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connect

by senchalabs

senchalabs /connect

Connect is a middleware layer for Node.js

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Connect is an extensible HTTP server framework for node using "plugins" known as middleware.

var connect = require('connect'); var http = require('http'); var app = connect(); // gzip/deflate outgoing responses var compression = require('compression'); app.use(compression()); // store session state in browser cookie var cookieSession = require('cookie-session'); app.use(cookieSession({ keys: ['secret1', 'secret2'] })); // parse urlencoded request bodies into req.body var bodyParser = require('body-parser'); app.use(bodyParser.urlencoded({extended: false})); // respond to all requests app.use(function(req, res){ res.end('Hello from Connect!\n'); }); //create node.js http server and listen on port http.createServer(app).listen(3000);

Getting Started

Connect is a simple framework to glue together various "middleware" to handle requests.

Install Connect

$ npm install connect

Create an app

The main component is a Connect "app". This will store all the middleware added and is, itself, a function.

var app = connect();

Use middleware

The core of Connect is "using" middleware. Middleware are added as a "stack" where incoming requests will execute each middleware one-by-one until a middleware does not call

next()

within it.

app.use(function middleware1(req, res, next) { // middleware 1 next(); }); app.use(function middleware2(req, res, next) { // middleware 2 next(); });

Mount middleware

The

.use()

method also takes an optional path string that is matched against the beginning of the incoming request URL. This allows for basic routing.

app.use('/foo', function fooMiddleware(req, res, next) { // req.url starts with "/foo" next(); }); app.use('/bar', function barMiddleware(req, res, next) { // req.url starts with "/bar" next(); });

Error middleware

There are special cases of "error-handling" middleware. There are middleware where the function takes exactly 4 arguments. When a middleware passes an error to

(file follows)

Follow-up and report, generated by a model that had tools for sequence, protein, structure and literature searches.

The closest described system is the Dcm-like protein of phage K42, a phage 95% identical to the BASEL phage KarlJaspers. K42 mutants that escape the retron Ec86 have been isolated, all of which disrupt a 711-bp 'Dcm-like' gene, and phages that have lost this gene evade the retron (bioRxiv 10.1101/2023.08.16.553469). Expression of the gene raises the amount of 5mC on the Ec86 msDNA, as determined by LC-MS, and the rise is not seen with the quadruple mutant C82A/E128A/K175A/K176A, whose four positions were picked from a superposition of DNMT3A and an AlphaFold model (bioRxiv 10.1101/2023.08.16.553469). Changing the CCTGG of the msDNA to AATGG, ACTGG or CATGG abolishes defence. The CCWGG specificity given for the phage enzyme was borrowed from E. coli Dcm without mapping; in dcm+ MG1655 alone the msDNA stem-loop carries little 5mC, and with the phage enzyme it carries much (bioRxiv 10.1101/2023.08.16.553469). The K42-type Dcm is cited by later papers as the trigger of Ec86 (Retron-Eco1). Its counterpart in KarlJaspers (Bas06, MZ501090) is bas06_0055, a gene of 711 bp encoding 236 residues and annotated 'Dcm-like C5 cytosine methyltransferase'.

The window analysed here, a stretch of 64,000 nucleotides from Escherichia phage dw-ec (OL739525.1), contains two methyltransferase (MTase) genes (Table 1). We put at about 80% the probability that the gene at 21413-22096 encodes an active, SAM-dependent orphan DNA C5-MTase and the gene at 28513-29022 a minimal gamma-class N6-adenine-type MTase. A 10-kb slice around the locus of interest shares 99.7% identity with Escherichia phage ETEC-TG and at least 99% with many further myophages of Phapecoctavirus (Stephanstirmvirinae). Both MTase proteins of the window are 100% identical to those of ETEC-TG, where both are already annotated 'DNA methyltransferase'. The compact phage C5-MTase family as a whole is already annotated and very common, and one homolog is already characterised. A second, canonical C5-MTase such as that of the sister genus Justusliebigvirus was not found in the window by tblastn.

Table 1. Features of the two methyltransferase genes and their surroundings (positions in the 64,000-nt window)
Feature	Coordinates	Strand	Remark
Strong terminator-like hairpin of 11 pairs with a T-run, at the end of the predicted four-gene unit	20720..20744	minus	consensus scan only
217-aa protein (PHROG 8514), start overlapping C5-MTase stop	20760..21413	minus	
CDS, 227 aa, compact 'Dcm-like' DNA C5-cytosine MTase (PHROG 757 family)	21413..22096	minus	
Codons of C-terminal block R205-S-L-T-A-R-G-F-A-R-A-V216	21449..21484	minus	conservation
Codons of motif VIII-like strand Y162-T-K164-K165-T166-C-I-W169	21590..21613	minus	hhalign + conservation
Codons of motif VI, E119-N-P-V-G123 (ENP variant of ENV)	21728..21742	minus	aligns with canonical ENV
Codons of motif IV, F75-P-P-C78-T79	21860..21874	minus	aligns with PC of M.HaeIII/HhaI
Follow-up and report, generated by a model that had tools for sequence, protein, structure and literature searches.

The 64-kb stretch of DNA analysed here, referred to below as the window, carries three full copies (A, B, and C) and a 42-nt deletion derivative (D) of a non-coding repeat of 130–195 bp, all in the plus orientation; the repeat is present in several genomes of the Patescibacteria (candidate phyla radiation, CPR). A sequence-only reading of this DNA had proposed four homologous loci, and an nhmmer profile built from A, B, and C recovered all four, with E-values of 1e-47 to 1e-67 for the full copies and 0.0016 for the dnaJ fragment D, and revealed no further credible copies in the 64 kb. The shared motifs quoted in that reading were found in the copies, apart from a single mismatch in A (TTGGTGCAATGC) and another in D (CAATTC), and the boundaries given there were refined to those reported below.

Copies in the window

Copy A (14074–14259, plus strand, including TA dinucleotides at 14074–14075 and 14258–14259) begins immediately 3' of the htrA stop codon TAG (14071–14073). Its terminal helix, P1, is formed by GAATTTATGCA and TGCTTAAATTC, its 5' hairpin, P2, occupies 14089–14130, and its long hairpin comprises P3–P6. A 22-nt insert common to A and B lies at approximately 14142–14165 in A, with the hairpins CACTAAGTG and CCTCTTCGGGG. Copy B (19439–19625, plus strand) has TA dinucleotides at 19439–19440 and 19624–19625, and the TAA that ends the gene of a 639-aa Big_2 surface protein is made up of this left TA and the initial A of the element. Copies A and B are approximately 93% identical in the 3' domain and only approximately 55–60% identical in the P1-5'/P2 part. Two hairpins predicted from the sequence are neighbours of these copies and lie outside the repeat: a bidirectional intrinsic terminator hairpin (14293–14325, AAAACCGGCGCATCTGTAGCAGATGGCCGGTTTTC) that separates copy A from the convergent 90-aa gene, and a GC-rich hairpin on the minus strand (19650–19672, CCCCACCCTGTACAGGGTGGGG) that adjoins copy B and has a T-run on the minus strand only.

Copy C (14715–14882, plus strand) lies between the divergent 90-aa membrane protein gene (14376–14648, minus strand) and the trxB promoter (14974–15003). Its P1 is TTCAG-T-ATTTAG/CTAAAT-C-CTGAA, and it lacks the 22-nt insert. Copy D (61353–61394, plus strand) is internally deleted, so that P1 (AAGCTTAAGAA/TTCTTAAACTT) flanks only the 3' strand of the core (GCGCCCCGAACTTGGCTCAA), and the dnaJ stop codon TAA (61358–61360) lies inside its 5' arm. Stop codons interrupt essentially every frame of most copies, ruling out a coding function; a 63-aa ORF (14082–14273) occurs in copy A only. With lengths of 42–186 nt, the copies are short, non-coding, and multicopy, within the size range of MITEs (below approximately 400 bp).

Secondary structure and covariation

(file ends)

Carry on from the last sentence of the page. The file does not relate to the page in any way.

next

, the app will proceed to look for the error middleware that was declared after that middleware and invoke it, skipping any error middleware above that middleware and any non-error middleware below.

// regular middleware app.use(function (req, res, next) { // i had an error next(new Error('boom!')); }); // error middleware for errors that occurred in middleware // declared before this app.use(function onerror(err, req, res, next) { // an error occurred! });

Create a server from the app

The last step is to actually use the Connect app in a server. The

.listen()

method is a convenience to start a HTTP server (and is identical to the

http.Server

's

listen

method in the version of Node.js you are running).

var server = app.listen(port);

The app itself is really just a function with three arguments, so it can also be handed to

.createServer()

in Node.js.

var server = http.createServer(app);

Middleware

These middleware and libraries are officially supported by the Connect/Express team:

Most of these are exact ports of their Connect 2.x equivalents. The primary exception is

cookie-session

.

Some middleware previously included with Connect are no longer supported by the Connect/Express team, are replaced by an alternative module, or should be superseded by a better module. Use one of these alternatives instead:

Checkout http-framework for many other compatible middleware!

API

The Connect API is very minimalist, enough to create an app and add a chain of middleware.